Thursday, November 6, 2014

Stay Inside

It was a beautiful day today, as long as you were inside.  We're lucky to have so many historic cars stored inside, safe from the ravages of the weather.  We're never satisfied, so the track guys were hard at work getting ready to build two more barns.  Meanwhile, inside Barn 8:

A first coat of finish cream was applied to the center ceiling.  It looks delicious!  

The car numbers at each end are decals, but it may not be easy to get correct decals made.  In the smoker, the paint and decals were in pretty good shape, so I tried painting around them.  With a little more adjustment, this may work out pretty well.  Unfortunately, at the other end things are noticeably worse.  I'm researching the available options, so stay tuned.

And there was more sanding and painting as the day wore on.

The process of  prepping and painting the entire ceiling makes it obvious how many parts don't fit together quite right.  I suspect that this is because the entire interior was removed from all  of
these cars back in the 1910-1915 
era to install steel reinforcements to the car's framing.  This was illustrated in railway trade journals at the time.   And putting it all back together required exposed screw heads in various places, and parts that don't quite fit.  I doubt the car looked like this when it came from the builder.  The 309, in contrast, never received the steel reinforcements, so there are no obvious mismatches like this.  Just another bit of historical trivia.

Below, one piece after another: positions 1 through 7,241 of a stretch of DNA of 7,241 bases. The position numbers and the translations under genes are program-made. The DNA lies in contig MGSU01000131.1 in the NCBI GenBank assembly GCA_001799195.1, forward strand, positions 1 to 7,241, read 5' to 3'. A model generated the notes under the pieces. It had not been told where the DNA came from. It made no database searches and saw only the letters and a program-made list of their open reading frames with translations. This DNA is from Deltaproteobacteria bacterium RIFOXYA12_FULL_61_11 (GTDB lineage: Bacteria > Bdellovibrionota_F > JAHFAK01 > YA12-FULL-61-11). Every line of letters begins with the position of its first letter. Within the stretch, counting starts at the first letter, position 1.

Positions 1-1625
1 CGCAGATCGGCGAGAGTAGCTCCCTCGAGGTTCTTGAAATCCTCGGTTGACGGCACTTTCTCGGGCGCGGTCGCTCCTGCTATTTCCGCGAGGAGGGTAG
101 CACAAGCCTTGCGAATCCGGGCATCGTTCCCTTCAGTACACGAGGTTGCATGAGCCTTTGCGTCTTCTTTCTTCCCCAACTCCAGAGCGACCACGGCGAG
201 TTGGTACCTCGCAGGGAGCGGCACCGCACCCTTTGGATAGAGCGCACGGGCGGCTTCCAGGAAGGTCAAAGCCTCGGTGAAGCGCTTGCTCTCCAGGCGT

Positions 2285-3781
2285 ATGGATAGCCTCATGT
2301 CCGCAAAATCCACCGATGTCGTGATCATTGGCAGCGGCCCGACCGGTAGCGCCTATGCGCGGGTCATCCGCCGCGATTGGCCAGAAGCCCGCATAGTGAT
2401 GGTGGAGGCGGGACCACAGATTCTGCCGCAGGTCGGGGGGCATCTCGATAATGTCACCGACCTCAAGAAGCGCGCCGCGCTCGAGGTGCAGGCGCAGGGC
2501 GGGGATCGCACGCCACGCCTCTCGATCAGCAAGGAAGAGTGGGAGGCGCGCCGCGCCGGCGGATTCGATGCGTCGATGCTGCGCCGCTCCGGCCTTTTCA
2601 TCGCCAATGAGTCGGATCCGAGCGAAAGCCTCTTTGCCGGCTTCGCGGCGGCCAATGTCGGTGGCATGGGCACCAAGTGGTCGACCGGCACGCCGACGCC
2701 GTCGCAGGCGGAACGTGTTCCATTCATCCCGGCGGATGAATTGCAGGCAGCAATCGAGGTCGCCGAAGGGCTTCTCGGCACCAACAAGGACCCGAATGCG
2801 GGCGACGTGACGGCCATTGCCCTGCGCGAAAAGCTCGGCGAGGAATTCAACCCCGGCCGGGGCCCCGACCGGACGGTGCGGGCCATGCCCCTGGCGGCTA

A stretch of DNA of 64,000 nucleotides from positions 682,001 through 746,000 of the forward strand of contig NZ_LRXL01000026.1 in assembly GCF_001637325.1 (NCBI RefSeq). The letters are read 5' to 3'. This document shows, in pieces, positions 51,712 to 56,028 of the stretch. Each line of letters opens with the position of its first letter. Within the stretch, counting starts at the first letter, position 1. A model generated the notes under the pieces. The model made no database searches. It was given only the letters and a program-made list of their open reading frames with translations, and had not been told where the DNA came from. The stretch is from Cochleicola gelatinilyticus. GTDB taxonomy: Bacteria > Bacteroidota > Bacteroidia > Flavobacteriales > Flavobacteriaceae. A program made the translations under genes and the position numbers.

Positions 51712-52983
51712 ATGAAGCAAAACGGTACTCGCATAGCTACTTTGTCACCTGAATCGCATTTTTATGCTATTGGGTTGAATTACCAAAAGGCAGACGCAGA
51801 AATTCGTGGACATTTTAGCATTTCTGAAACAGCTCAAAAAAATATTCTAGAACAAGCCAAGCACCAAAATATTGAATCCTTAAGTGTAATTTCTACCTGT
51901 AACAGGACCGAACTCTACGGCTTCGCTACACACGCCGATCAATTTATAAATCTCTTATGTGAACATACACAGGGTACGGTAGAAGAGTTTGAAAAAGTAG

Part of the bulkhead is hinged to open to access the wheels on the pocket door, but it no longer closes completely.  Another casualty of the rebuilding, as I take it.

The 321 has been moved from Yard 14 to the front of Barn 11.  I would like to apply another tarp sometime soon, when it's not so windy, and this is a more convenient location.

And in Barn 4, Tim is working as always on the 24.  Here he is stripping paint from the ceiling.

And for more modern L cars, we now have this test stand for the control system on the 2200-series cars.  Since the CTA no longer needs it, they gave it to us.  The attached plate says it was used for training motormen on these cars.   We could use more of these!

1 comment:

Anonymous said...

Hello Randy- Regarding the 2200 control group maintenance trainer, it was for training maintenance people, not motormen. It replicates a complete car minus motors, trucks, and carbody. There is also provision for simulating certain types of failures within the group. And alas, it was not given to us, but we put in a bid at about scrap value for it and some other items. At the very least, it's a source of parts; as for what else we may do with it, there are lots of possibilities.
R. W. Schauer